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Role of adiponectin in non-diabetic patients with rheumatoid arthritis undergoing anti-IL-6 therapy


1, 2, 3, 4, 5, 6, 7, 8, 9, 10, 11, 12, 13, 14, 15

 

  1. Research Group on Genetic Epidemiology and Atherosclerosis in Systemic Diseases and in Metabolic Bone Diseases of the Musculoskeletal System, IDIVAL, Hospital Universitario Marqués de Valdecilla, Santander, Spain.
  2. Research Group on Genetic Epidemiology and Atherosclerosis in Systemic Diseases and in Metabolic Bone Diseases of the Musculoskeletal System, IDIVAL, Hospital Universitario Marqués de Valdecilla, Santander, Spain.
  3. Research Group on Genetic Epidemiology and Atherosclerosis in Systemic Diseases and in Metabolic Bone Diseases of the Musculoskeletal System, IDIVAL, Hospital Universitario Marqués de Valdecilla, Santander, Spain.
  4. Rheumatology Division, Hospital Universitario Txagorritxu, Vitoria, Araba, University of Basque Country, Araba, Spain.
  5. Rheumatology Division, Hospital Universitario Sierrallana, Torrelavega, Cantabria, Spain.
  6. Rheumatology Division, Hospital Universitario de La Princesa, IIS-Princesa, Universidad Autónoma de Madrid (UAM), Madrid, Spain.
  7. Rheumatology Division, Hospital Universitario de La Princesa, IIS-Princesa, Universidad Autónoma de Madrid (UAM), Madrid, Spain.
  8. Research Group on Genetic Epidemiology and Atherosclerosis in Systemic Diseases and in Metabolic Bone Diseases of the Musculoskeletal System, IDIVAL, Hospital Universitario Marqués de Valdecilla, Santander, Spain.
  9. Epidemiology and Computational Biology Department, School of Medicine, University of Cantabria, and CIBER Epidemiología y Salud Pública (CIBERESP), Santander, Spain.
  10. Rheumatology Division, Hospital Universitario Basurto, Bilbao, Bizkaia, Spain.
  11. Rheumatology Division, Hospital Universitario Basurto, Bilbao, Bizkaia, Spain.
  12. SERGAS (Servizo Galego de Saude) and IDIS (Instituto de Investigación Sanitaria de Santiago), NEIRID Lab (Neuroendocrine Interactions in Rheumatology and Inflammatory Diseases), Research Laboratory 9, Hospital Clínico Universitario de Santiago, Santiago de Compostela, A Coruña, Spain.
  13. Research Group on Genetic Epidemiology and Atherosclerosis in Systemic Diseases and in Metabolic Bone Diseases of the Musculoskeletal System, IDIVAL, Hospital Universitario Marqués de Valdecilla, Santander, Spain.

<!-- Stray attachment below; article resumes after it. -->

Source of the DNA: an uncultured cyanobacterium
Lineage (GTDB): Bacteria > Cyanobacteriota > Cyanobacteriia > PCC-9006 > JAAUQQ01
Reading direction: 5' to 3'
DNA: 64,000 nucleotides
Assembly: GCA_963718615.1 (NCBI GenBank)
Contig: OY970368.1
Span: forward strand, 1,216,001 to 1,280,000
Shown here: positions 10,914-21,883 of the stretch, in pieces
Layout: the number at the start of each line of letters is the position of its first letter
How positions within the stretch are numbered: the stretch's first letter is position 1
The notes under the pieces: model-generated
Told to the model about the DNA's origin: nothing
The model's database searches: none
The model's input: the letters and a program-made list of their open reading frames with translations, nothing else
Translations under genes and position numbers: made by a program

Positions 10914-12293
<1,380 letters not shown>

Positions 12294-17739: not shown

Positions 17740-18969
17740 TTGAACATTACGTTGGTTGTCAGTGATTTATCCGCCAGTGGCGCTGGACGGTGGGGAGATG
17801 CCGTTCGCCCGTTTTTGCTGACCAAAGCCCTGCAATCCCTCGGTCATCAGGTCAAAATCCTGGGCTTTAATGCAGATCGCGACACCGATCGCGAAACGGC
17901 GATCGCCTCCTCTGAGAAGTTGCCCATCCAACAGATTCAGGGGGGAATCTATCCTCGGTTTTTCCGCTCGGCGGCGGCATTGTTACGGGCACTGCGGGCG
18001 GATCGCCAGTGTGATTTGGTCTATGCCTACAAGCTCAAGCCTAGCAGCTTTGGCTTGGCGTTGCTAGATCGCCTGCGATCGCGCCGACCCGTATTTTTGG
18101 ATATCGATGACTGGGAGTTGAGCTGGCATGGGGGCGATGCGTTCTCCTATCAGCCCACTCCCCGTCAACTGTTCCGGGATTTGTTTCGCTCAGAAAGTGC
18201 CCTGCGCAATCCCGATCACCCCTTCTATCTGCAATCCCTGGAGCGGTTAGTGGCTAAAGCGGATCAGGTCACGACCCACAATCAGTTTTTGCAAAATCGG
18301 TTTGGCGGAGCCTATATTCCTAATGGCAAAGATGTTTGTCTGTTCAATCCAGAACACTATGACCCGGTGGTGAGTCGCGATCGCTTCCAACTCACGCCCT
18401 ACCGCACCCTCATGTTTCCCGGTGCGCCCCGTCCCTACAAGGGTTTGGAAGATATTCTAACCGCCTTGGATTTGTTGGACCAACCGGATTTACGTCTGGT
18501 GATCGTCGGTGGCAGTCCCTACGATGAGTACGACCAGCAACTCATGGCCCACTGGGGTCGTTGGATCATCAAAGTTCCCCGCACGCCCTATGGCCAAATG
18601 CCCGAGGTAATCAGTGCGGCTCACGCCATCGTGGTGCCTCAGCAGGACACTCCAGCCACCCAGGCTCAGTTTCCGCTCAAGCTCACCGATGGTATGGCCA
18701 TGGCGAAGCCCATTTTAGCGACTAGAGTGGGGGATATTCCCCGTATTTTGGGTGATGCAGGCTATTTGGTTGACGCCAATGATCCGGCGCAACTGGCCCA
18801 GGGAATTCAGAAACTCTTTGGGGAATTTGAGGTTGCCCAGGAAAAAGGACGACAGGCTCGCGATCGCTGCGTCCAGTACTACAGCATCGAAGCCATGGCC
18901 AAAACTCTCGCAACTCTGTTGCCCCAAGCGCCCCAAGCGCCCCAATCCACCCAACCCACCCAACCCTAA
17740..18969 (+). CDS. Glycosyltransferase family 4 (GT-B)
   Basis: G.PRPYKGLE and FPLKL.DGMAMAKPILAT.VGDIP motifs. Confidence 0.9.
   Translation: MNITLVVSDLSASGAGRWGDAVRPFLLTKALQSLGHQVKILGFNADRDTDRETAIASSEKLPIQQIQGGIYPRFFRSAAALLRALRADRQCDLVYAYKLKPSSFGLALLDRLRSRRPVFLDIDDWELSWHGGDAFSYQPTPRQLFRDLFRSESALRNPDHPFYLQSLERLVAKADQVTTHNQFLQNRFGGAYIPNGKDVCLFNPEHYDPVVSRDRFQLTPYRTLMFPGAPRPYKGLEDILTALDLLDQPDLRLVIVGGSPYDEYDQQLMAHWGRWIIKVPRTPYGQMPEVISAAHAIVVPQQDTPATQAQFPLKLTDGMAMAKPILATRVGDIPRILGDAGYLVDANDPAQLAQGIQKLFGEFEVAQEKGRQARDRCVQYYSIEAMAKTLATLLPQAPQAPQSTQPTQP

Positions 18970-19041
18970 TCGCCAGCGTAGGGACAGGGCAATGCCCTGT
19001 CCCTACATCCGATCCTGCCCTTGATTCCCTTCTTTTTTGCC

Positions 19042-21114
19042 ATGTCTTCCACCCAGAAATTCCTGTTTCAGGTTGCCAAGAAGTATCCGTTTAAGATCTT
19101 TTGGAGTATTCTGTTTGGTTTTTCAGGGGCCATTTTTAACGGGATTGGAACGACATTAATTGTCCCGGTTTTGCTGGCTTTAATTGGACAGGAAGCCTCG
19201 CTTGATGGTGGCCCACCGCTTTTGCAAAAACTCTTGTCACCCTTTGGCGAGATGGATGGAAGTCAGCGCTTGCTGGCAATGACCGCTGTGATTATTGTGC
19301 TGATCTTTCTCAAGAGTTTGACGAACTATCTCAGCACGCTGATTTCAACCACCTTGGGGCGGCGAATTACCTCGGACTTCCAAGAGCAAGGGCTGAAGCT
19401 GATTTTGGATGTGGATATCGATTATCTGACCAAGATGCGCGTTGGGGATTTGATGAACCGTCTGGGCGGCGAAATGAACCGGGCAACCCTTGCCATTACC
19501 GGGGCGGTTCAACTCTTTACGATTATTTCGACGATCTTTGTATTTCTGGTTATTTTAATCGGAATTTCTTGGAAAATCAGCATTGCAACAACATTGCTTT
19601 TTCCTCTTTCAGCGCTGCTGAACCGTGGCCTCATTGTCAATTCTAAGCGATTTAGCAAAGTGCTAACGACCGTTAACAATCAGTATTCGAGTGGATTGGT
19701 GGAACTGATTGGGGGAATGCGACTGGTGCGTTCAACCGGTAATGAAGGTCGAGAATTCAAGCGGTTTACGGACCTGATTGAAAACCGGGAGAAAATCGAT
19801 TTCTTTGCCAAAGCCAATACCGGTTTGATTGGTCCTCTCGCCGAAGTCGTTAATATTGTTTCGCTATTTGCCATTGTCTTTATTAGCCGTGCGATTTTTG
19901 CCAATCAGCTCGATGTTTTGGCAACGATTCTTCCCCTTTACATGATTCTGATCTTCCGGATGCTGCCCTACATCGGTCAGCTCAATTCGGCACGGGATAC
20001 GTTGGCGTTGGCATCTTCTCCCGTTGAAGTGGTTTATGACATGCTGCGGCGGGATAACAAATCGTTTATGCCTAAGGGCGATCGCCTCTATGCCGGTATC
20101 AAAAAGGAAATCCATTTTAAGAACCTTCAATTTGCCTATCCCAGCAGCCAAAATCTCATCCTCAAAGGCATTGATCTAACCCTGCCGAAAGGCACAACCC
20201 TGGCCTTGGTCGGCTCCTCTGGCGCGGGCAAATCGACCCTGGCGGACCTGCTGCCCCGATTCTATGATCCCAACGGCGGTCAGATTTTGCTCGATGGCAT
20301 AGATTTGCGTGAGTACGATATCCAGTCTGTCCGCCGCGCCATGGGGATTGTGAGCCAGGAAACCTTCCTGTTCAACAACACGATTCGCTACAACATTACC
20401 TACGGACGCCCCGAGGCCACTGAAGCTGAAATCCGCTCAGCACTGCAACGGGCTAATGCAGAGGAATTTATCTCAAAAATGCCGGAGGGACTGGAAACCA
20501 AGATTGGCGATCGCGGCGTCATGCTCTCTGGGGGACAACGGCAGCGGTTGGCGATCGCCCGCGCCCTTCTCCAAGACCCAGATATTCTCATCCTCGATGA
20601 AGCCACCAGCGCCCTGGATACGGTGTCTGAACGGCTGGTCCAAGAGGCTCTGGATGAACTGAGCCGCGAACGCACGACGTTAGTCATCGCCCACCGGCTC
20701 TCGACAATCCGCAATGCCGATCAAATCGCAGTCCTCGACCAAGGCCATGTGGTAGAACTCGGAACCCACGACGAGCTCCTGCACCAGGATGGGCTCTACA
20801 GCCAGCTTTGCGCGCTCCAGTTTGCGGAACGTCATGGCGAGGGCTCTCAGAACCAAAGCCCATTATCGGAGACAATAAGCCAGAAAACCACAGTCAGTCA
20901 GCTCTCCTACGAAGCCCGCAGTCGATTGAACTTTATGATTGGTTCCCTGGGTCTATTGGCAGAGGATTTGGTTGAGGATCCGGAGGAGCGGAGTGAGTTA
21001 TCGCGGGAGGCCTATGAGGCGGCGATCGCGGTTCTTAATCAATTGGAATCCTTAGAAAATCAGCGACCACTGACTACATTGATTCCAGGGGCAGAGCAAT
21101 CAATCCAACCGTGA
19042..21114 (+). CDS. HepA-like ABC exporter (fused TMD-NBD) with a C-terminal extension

14. Rheumatology Division, Hospital Universitario de la Princesa, IIS-Princesa, Cátedra UAM-ROCHE, EPID Future, Universidad Autónoma de Madrid (UAM), Madrid, Spain.
  15. Research Group on Genetic Epidemiology and Atherosclerosis in Systemic Diseases and in Metabolic Bone Diseases of the Musculoskeletal System, IDIVAL, Hospital Universitario Marqués de Valdecilla; School of Medicine, University of Cantabria, Santander, Spain. miguelaggay@hotmail.com

CER14621
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PMID: 34251326 [PubMed]

Received: 11/03/2021
Accepted : 03/05/2021
In Press: 07/07/2021

Abstract

OBJECTIVES:
Adiponectin is an adipokine that plays a relevant role in the development of metabolic syndrome (MetS), a complication that increases the risk of cardiovascular (CV) disease in patients with rheumatoid arthritis (RA). Accordingly, we assessed for the first time the short-term effect of anti-IL-6 receptor tocilizumab (TCZ) administration on adiponectin serum levels in RA patients and explored the potential association of adiponectin levels with MetS features, other CV risk factors and demographic and clinical characteristics of these patients.
METHODS:
Adiponectin serum levels were evaluated in 50 non-diabetic RA patients, undergoing TCZ treatment, immediately prior to (pre-infusion) and 60 minutes after the end of a TCZ intravenous infusion (post-infusion).
RESULTS:
No significant differences in adiponectin levels pre- and post-TCZ infusion were found in RA patients (p=0.69). Patients with obesity exhibited decreased basal levels of adiponectin with respect to those non-obese (p=0.03). Additionally, a negative association of adiponectin basal levels with body mass index, insulin, insulin/glucose index, C-peptide and leptin levels (p<0.01; p=0.02; p=0.03; p=0.03 and p=0.01, respectively), as well as a positive correlation with HDL-cholesterol levels (p<0.001) was seen.
CONCLUSIONS:
Our results support the claim that low adiponectin may contribute to the development of MetS and, consequently, CV disease in RA. Anti-IL-6 therapy does not seem to exert a short-term effect on adiponectin levels.

Rheumatology Article